Question:

When a case is in closure and the "Below the Line" (BTL) transportation expenditures are less than the amount of the BTL transportation costs on the LOA, does the Defense Finance and Accounting Service (DFAS) return the unused transportation costs back to the country?

Answer:

Yes, the LOA is a cost estimate. The country will be billed based on actual costs. LOA standard term and condition 4.2 specifically states, "The USG will refund any payments received for this LOA which prove to be in excess of the final total cost of delivery and performance and which are not required to cover arrearages on other LOAs of the Purchaser."

Question:

Do all Night Vision Goggles (NVGs) require End Use Monitoring (EUM)? Could we go with a lesser generation of Night Vision Goggle (over the counter) and not have the enhanced EUM requirements?

Answer:

All NVGs purchased by foreign military end users require some degree of end use monitoring. If purchased via FMS, Enhanced End Use Monitoring is the normal method. See the Security Assistance Management Manual (SAMM) policy memo: "Guidance for the Transfer of Night Vision Devices (NVDs) (DSCA 04-25)" (http://www.dsca.mil/samm/policy_memos/2004/DSCA%2004-25.pdf). If purchased via a direct commercial sale, the Department of State will verify the end use via the Blue Lantern system of checks. If purchased as an "over the counter" commercial item, the Commerce Department verifies the export license of "Dual Use" items such as Gen II and III NVGs via their monitoring program, EXTRAN. It is illegal to ship or transport any Night Vision Device (NVD)/ NVG overseas without written approval from one of the three USG agencies above.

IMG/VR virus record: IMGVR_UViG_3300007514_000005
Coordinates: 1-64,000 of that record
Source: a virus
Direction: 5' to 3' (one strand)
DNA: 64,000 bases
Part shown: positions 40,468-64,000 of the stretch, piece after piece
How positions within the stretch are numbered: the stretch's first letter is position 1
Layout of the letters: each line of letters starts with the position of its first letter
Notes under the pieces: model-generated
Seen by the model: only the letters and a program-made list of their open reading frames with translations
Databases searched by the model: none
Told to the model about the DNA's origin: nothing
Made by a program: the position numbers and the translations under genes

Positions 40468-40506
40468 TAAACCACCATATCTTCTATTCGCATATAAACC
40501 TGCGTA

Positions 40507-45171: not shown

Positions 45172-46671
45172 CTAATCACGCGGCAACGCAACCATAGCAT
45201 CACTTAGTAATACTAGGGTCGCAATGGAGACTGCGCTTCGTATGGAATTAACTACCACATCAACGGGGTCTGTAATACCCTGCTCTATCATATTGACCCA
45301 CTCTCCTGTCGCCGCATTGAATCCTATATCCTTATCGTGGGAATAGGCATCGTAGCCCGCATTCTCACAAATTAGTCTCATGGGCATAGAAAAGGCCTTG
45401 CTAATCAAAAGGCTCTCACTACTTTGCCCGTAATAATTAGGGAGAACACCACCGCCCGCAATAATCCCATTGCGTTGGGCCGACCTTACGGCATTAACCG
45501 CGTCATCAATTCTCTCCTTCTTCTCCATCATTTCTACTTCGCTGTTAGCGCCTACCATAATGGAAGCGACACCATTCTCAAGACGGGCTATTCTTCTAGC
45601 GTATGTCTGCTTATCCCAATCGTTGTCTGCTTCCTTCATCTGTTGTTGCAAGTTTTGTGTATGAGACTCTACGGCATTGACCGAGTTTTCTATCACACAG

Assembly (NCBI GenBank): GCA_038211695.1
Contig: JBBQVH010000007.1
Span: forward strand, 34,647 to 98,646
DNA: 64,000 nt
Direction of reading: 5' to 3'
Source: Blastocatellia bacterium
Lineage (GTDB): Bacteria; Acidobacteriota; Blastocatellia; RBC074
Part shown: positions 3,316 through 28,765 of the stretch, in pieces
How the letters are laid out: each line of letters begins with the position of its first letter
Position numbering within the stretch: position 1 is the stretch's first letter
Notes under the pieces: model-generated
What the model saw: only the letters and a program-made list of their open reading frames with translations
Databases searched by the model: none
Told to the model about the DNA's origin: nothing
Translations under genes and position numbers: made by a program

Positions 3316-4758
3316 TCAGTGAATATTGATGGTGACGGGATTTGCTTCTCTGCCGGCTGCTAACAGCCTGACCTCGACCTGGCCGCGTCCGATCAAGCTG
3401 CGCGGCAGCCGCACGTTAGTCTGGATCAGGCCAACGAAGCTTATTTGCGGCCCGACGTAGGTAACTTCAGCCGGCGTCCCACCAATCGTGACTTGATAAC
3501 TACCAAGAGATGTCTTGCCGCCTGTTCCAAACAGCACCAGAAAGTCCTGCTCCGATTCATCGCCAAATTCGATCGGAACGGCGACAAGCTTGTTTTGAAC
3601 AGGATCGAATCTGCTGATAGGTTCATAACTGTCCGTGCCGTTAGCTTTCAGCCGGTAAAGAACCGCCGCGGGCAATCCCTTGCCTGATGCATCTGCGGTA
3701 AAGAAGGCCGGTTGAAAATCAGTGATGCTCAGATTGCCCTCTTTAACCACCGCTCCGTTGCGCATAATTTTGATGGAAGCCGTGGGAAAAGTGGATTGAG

By the Defense Institute of Security Assistance Management Directorate of Research
COPYRIGHT 2009 Defense Institute of Security Assistance Management
No portion of this article can be reproduced without the express written permission from the copyright holder.
Copyright 2009 Gale, Cengage Learning. All rights reserved.

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Title Annotation:EDUCATION AND TRAINING
Publication:DISAM Journal
Date:Mar 1, 2009
Words:1204